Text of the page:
Daniel Dennett’s essay is about the roles of brain, body and mind in self-identification. Dennett takes the reader through a list of dizzying circumstances in which the brain is separated from the body and yet the two are in communication through sophisticated technology. The central question in a situation like this is the location of the individual across temporal and spatial scales. Given the speed-of-light communication between the terminals in his skull and the separated brain, the subject’s experiences only suffer a small time lag. The really important philosophical questions, then, arise out of spatially locating the ‘I’ in this unusual configuration of one individual.
Dennett suggests various methods of logic and training through which the distended individual can retain his personhood and function as he is used to. Dennett chooses himself as the case study of these thought experiments. For the sake of this acclimatization project, the body is named Hamlet and the brain (laid in the controlled environment of a lab) is named Yorick. Just as a worker in a factory can simulate the operation of a robot, Yorick can train himself to regard Hamlet as its extension. But unlike normal human experience, a sudden switching-off of electrical supply to Yorick can induce a state of comatose. Likewise, switching electricity back on can bring Dennett back to active life.
Dennett makes an ironic observation that in a brain-transplant operation, it is the donor who retains his identity and not the recipient. In this respect, it is more apt to call it a body-transplant operation. Hence assigning personhood to Hamlet is most dubious. Assigning that status to Yorick is less problematic, but still not fully convincing. Resorting to the generalized claim that ‘Dennett is wherever he thinks he is’ brings its own share of puzzles to the equation.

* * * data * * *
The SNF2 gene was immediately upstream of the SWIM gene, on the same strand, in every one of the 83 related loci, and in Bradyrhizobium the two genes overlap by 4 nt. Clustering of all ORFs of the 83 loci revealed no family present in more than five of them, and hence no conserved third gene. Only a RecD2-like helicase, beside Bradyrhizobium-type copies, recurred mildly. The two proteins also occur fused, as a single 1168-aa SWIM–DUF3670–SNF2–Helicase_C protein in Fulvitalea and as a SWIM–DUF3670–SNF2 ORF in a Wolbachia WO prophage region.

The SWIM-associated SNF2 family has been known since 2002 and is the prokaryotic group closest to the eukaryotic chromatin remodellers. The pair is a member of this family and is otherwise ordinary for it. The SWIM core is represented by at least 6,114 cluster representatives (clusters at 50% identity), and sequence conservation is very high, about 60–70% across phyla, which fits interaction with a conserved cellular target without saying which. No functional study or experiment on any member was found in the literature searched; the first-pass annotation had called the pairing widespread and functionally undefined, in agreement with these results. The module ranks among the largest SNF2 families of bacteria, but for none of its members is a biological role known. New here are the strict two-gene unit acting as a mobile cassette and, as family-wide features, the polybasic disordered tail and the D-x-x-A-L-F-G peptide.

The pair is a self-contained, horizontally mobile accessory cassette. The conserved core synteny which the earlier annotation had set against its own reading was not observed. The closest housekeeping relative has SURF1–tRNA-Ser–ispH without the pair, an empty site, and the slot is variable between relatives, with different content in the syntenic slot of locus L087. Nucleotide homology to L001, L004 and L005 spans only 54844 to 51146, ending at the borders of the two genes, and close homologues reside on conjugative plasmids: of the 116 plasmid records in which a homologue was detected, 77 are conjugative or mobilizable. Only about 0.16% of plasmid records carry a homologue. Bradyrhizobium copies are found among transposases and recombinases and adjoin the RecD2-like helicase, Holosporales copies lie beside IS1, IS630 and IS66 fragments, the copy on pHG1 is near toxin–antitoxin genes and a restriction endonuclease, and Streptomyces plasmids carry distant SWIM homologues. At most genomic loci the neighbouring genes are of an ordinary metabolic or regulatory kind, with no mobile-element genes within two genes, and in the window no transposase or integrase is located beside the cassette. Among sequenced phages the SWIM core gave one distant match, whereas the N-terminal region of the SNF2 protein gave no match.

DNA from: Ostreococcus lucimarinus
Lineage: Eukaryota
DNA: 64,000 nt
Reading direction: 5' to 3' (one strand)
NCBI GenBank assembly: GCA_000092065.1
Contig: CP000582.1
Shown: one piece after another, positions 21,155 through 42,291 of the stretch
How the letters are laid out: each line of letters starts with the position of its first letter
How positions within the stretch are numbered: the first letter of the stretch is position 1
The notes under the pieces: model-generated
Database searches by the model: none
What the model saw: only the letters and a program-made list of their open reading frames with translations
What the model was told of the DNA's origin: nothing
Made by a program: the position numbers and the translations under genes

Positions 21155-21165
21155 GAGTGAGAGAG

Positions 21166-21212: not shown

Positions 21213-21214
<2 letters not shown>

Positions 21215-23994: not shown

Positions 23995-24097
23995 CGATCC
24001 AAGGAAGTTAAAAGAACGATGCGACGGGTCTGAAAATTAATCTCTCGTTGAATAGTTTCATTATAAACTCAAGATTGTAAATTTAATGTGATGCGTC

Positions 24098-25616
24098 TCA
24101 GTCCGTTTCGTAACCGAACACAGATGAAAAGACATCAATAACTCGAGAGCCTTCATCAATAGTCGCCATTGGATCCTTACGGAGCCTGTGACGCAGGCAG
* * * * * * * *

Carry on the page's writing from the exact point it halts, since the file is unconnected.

Dennett then proposes a thought experiment wherein Hamlet is sent down a radioactive tunnel for a search operation. For the utility of the experiment, he is contrived to be trapped and lost. It later transpires that he is ‘dead’. The moment of this death is revelatory, for at that instant, the ‘soul’ of the undivided individual travels at the speed of light to rest in Yorick. Dennett seems to suggest that the soul is essentially a concept of the mind/brain. This point has implications for philosophy and theology.
Further ethical conundrums arise when a replica is made of Yorick (named as Hubert). The complications multiply when a replacement for Hamlet is also introduced (named Fortinbras). Apart from straightforward questions of legality and rights associated with an individual, numerous moral dilemmas are thrown up by these complexities. For example, can the re-doubled identity of Dennett carry on living two separate lives simultaneously? What if Dennett decides to terminate one copy and live through the other? Does he have the right? Does not it amount to murder?
I my view this is one of the best scientific essays I have read in recent years. It is so rich in creativity and imagination. It also employs an easy jargon free language for explaining nuanced cognitive science. Dennett exposes fascinating possibilities for brain-body co-existence in the essay. We are thereby made to sit up and think about our own identity and personhood.